Founders of the Seventh Day Baptist Church in America — 1671

In 2021, the Seventh Day Baptist Church celebrated the 350th anniversary of the first congregation in North America at Newport, Rhode Island. Until last year, I knew nothing about this denomination. While conducting some family research, I discovered that my grandmother’s family was integral in the founding of Rhode Island with Roger Williams, the founding of the First Baptist Church in America, and the founding of the offshoot of that first church called the Seventh Day Baptists (SDB). This church is also referred to as the “Sabbatarians” because they worshipped on Saturday rather than Sunday. (See also posts on Dr. John Clarke and Rev. Thomas Hiscox.)

The first Baptist church in Newport was founded in 1644 by John Clarke. Several years later, a group of 7th Day Baptists (celebrating the Sabbath on Saturday) separated from Clarke’s church. Five of the seven founding members had been members of Clarke’s church. They included: Rev. Samuel and Tacy (nee Cooper) Hubbard (my 9th great grandparents) and William Hiscox (my 8th great grandfather), father of Rev. Thomas Hiscox.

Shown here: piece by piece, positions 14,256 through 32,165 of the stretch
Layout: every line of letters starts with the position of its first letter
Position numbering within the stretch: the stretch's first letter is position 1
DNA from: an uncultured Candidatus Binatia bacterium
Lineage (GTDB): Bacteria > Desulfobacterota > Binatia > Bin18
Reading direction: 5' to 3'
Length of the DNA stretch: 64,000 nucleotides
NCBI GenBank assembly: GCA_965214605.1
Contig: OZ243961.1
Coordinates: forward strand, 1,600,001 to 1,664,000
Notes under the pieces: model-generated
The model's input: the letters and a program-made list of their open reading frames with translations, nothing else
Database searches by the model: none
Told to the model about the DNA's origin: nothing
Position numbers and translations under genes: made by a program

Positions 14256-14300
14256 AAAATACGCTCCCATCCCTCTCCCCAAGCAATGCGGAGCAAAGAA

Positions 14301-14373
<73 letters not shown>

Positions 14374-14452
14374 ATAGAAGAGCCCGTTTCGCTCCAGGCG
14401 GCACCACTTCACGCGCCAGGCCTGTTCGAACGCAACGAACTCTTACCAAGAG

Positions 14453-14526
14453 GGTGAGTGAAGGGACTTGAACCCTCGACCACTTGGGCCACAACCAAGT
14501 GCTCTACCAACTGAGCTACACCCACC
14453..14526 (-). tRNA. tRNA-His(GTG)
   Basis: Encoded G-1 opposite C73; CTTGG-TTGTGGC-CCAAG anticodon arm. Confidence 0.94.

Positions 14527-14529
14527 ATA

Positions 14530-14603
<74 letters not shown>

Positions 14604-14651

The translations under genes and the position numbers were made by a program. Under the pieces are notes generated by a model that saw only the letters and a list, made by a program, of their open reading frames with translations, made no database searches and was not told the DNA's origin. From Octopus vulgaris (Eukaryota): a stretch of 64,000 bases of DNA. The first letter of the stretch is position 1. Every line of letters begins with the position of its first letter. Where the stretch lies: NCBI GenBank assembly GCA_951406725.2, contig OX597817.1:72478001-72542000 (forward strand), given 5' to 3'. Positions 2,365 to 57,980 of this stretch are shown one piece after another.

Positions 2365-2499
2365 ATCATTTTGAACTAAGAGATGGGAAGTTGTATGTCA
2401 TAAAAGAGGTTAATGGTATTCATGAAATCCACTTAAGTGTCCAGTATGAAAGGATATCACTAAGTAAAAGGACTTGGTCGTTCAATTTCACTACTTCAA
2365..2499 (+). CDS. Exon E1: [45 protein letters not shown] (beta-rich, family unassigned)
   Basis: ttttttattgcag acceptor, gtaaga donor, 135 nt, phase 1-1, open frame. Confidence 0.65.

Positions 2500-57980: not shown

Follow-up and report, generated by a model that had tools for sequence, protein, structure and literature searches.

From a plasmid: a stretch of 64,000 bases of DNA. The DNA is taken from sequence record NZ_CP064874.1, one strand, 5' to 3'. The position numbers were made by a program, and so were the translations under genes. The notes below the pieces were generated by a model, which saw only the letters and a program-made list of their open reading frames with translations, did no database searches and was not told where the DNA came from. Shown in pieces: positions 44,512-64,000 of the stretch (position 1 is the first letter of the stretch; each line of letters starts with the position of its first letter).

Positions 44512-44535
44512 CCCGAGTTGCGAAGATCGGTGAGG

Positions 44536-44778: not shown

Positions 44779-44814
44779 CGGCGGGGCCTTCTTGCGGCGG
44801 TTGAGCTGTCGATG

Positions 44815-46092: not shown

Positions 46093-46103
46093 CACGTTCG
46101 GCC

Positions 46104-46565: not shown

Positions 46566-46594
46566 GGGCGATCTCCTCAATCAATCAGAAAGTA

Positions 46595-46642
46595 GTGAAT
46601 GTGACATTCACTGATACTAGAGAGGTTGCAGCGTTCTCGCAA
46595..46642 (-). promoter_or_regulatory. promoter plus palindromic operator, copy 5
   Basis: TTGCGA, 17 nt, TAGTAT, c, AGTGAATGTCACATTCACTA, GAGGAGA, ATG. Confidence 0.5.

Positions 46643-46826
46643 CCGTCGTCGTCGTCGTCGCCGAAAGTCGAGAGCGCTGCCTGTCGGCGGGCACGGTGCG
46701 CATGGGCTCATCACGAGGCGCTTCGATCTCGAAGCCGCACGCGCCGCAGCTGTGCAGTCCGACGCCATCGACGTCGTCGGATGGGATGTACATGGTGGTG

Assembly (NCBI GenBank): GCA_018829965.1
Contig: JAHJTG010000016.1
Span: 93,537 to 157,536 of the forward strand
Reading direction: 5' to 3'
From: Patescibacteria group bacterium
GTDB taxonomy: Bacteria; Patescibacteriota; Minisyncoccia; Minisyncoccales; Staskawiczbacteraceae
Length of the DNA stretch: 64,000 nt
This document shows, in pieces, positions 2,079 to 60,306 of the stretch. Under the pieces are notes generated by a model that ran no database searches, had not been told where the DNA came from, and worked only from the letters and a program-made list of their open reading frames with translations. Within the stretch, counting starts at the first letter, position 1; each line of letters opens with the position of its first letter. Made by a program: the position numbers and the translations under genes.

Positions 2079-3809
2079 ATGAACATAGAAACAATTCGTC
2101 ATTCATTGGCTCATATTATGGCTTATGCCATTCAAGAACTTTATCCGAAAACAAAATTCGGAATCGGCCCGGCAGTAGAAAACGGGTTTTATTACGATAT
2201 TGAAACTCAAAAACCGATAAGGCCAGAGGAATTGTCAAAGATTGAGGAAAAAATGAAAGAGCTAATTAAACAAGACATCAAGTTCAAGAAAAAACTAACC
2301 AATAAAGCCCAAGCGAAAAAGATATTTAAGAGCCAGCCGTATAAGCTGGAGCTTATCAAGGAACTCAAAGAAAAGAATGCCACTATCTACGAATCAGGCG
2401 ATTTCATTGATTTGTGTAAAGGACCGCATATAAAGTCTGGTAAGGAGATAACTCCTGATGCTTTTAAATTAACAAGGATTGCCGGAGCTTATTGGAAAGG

In its early years this congregation met in a building at Green End, but as the congregation grew land on Barney Street was purchased for the purpose of building a new church. The building was erected in 1730 and was considered to be one of the finest colonial interiors in Rhode Island.

My grandmother’s family tree includes many Rhode Island and First Baptist/Seventh Day Baptist founding family names such as: Clarke, Hiscox, Hubbard, Crandall, Maxson, Burdick, Stillman, Cottrell, Davis, and Lanphear.

To read more, visit:

And also:

Our family lost touch with its Seventh Day Baptist Church roots at some point. My 4th great grandfather, John Cottrell, was a “farmer preacher” in the Seventh Day Baptist Church in Westerly, RI. In 1806, he moved with his wife Mary Polly (nee Stillman), and their family to Brookfield, NY, where he joined the Seventh Day Christians because he had “taken some exceptions to the beliefs of the Seventh Day Baptist Church in Rhode Island.”

John’s daughter Clymena married Jacob Tubbs in Brookfield, New York, Perhaps Jacob attended a Congregational church which had evolved out of the early Puritan church.

In 1833, John and family moved to Newstead, NY, and eventually joined the Seventh Day Adventists and helped build the church there.

For a comparison between SDB and SDA, visit:

After the family moved again, this time to Wisconsin, some joined the United Methodist church.

Here, I’ve gathered a few resources on the history of the SDB church which is intertwined with the settlement and history of Rhode Island. (See also posts on John Clarke and Thomas Hiscox.) The definitive source of SDB history is the SDB Historical Library & Archives located in Janesville, WI, of all places, just 30 minutes from where I grew up.

A short portrait of Tacy Cooper Hubbard, the woman who founded the SDB church:

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